Tag Archives: finance

## Time Value of Money

23 Aug

In many financial decisions cost and benefits occur at different points in time, in most of the cases costs are incurred upfront and afterwards the firms receive benefits from the projects they have invested in. I’ll try to present how to evaluate a project by taking into account the time value of money.

Example: Let’s consider you have the following opportunity to invest your money:

Cost: \$1000 today.

Benefit: \$1700 in one year.

Because currency is the same it might appear for someone that the cost and the benefit is directly comparable, so that the project’s net value is \$1700-\$1000=\$700. However, this calculation ignores the fact that cost and benefit are incurred at different points in time.

In general a dollar today is more than a dollar in one year, simply because if you have a dollar now, you can invest it. For example you could deposit your dollar under in a bank account that offers a deposit rate of 5%, so in one year you will have \$1.05. Even if the revenue for the case that I provided is extremely small, when the potential budget for investment increases drastically, the benefit from this investment becomes much larger. The difference between money today and money in the future that was provided in the example above is called the time value of money.

Interest rate

Be depositing our money in a bank, we can transfer them from one to another point in time with no risk. Similarly, by borrowing money from the bank we exchange money in the future for the money we receive today. This rate, by which we exchange money today with money in the future, is called interest rate. As exchange rate offers us the ability to convert from one currency to another, the interest rate offers us the ability to convert money from one to another point in time. It tells today the market price of dollar in the future. The risk-free rate,rf, is the interest rate at which money can be borrowed or lent without incurring risk over a certain period of time.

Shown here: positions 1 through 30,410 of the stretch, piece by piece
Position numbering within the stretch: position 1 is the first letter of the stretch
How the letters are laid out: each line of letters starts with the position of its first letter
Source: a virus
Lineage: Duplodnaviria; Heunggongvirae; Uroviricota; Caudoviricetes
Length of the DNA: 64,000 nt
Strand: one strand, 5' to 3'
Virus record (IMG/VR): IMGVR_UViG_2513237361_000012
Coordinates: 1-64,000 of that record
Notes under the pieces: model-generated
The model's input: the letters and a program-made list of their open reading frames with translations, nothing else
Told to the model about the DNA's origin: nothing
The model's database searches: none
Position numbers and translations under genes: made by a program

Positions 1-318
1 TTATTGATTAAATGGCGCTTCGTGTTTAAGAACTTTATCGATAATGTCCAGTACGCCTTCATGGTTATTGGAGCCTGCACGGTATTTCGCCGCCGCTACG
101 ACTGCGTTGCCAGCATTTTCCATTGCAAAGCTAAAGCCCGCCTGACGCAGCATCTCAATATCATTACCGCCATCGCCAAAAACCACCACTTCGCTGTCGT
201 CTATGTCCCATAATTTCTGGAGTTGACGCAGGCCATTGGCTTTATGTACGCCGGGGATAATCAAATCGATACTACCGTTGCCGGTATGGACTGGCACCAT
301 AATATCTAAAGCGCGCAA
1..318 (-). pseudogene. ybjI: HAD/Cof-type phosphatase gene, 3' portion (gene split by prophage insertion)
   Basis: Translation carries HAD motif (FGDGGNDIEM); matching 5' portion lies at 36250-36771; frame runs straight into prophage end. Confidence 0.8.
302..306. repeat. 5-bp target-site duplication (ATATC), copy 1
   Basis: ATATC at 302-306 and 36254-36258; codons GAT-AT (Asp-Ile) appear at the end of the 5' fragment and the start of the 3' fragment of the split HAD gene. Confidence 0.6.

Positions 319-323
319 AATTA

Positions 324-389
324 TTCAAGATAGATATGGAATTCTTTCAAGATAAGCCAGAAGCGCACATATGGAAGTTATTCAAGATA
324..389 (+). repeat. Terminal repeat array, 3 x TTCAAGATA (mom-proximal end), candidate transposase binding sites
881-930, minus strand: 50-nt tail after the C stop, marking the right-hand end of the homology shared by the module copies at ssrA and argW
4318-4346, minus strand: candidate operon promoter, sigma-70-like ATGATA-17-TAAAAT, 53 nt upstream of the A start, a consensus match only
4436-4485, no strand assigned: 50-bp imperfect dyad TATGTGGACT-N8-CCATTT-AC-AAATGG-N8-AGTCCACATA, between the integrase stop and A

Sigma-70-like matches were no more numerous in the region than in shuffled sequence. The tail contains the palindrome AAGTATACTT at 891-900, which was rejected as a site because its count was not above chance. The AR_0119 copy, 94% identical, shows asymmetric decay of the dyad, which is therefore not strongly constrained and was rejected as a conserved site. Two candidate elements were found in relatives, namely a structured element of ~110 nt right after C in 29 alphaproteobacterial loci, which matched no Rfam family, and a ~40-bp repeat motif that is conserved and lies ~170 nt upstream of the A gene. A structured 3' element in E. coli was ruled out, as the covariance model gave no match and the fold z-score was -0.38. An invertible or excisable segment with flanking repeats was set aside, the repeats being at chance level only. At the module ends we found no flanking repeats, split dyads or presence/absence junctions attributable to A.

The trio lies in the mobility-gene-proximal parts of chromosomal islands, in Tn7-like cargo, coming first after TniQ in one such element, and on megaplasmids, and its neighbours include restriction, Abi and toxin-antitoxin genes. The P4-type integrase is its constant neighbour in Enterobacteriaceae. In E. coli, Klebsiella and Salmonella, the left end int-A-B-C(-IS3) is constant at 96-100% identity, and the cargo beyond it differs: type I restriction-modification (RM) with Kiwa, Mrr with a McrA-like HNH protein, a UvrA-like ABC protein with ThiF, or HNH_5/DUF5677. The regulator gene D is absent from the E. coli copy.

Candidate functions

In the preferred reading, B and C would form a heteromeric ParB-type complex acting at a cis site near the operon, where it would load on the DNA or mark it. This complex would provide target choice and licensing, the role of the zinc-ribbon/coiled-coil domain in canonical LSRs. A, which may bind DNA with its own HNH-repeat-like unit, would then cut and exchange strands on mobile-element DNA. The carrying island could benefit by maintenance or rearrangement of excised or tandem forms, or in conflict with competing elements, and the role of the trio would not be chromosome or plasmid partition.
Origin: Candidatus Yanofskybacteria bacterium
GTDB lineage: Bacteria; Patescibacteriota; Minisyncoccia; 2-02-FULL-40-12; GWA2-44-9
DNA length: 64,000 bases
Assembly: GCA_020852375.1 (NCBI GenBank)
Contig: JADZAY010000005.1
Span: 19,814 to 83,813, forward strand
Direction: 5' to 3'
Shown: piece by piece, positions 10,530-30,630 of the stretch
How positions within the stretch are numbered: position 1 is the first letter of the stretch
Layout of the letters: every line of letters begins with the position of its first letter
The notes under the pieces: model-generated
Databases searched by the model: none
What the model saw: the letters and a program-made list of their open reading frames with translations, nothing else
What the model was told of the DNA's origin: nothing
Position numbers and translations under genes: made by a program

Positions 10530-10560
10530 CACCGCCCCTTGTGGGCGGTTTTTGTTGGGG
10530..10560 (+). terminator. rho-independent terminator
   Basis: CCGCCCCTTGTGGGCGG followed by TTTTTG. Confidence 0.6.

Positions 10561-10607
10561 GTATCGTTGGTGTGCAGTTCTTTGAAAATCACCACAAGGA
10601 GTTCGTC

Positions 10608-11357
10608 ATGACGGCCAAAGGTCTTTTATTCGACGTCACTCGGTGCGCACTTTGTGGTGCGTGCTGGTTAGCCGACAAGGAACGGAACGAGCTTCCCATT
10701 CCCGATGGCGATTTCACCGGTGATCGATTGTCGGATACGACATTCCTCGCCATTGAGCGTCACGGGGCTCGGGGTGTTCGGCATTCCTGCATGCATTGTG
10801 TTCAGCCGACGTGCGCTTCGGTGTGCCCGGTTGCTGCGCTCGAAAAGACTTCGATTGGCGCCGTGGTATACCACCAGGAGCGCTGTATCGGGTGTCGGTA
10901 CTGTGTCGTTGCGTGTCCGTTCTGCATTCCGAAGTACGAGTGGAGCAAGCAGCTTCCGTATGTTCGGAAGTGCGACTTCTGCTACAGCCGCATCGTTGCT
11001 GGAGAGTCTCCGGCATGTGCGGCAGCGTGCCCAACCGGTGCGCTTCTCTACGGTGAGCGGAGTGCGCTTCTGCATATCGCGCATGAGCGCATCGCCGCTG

Since it is a market price, the risk-free rate depends on the supply and demand in the savings and borrowing market. In case that we know the risk-free rate, we can use it to evaluate other decisions in which costs and benefits are positioned in different points in time without knowing investor’s preference.

When we represent the value of a cash-flow in terms of dollars today, we call it the Present Value (PV) of investment; however, if we express it in terms of dollars in future, we call it the Future Value (FV) of investment.

## The Stock Market

27 Jul

As it is known shareholders want managers to maximize firm’s value, such that the return on their invested funds will be higher. We can determine the value of their investment by knowing the price of the share/stock they invested in and the number of shares that they purchased. Here we can distinguish two types of companies, private and public companies. Private companies have a limited number of shareholders and their shares/stocks are not traded publicly, therefore the value of investment can be difficult to determine; however, many companies are public companies, which means that their shares are traded on some special markets called a stock market (or stock exchange). These markets determine the price of these shares and provide liquidity to the company, because of continuous investment opportunities in the listed companies. A liquid investment is the one at which you can sell it at a price very close to the current purchasing price. This means that if, for example one invested in some stocks, then he can sell these stocks at the price that other people are currently buying these stocks in the market. Liquidity is attractive to outside investors, because it provides flexibility regarding the investment timing.

Primary & Secondary Stock Markets

When a firm issues new shares and sells them to investors, they do it on primary market. Afterwards, these shares continue to be traded between corporations and investors in the secondary market. In the latter market no action is required from corporation’s side. For example, if you would like to purchase Apple’s shares, you place an order on a stock exchange (let’s say NYSE), then you will purchase these shares from someone who held them before, not from the Apple company directly.

The largest stock market in the world is the U.S stock market called New York Stock Exchange (NYSE). Another well-known U.S stock exchange is the American Stock Exchange (AMEX), the National Association of Security Dealers Automated Quotation (NASDAQ). Other countries have at least one stock exchange, ex: Tokyo Stock Exchange (TSE) and London Stock Exchange (LSE).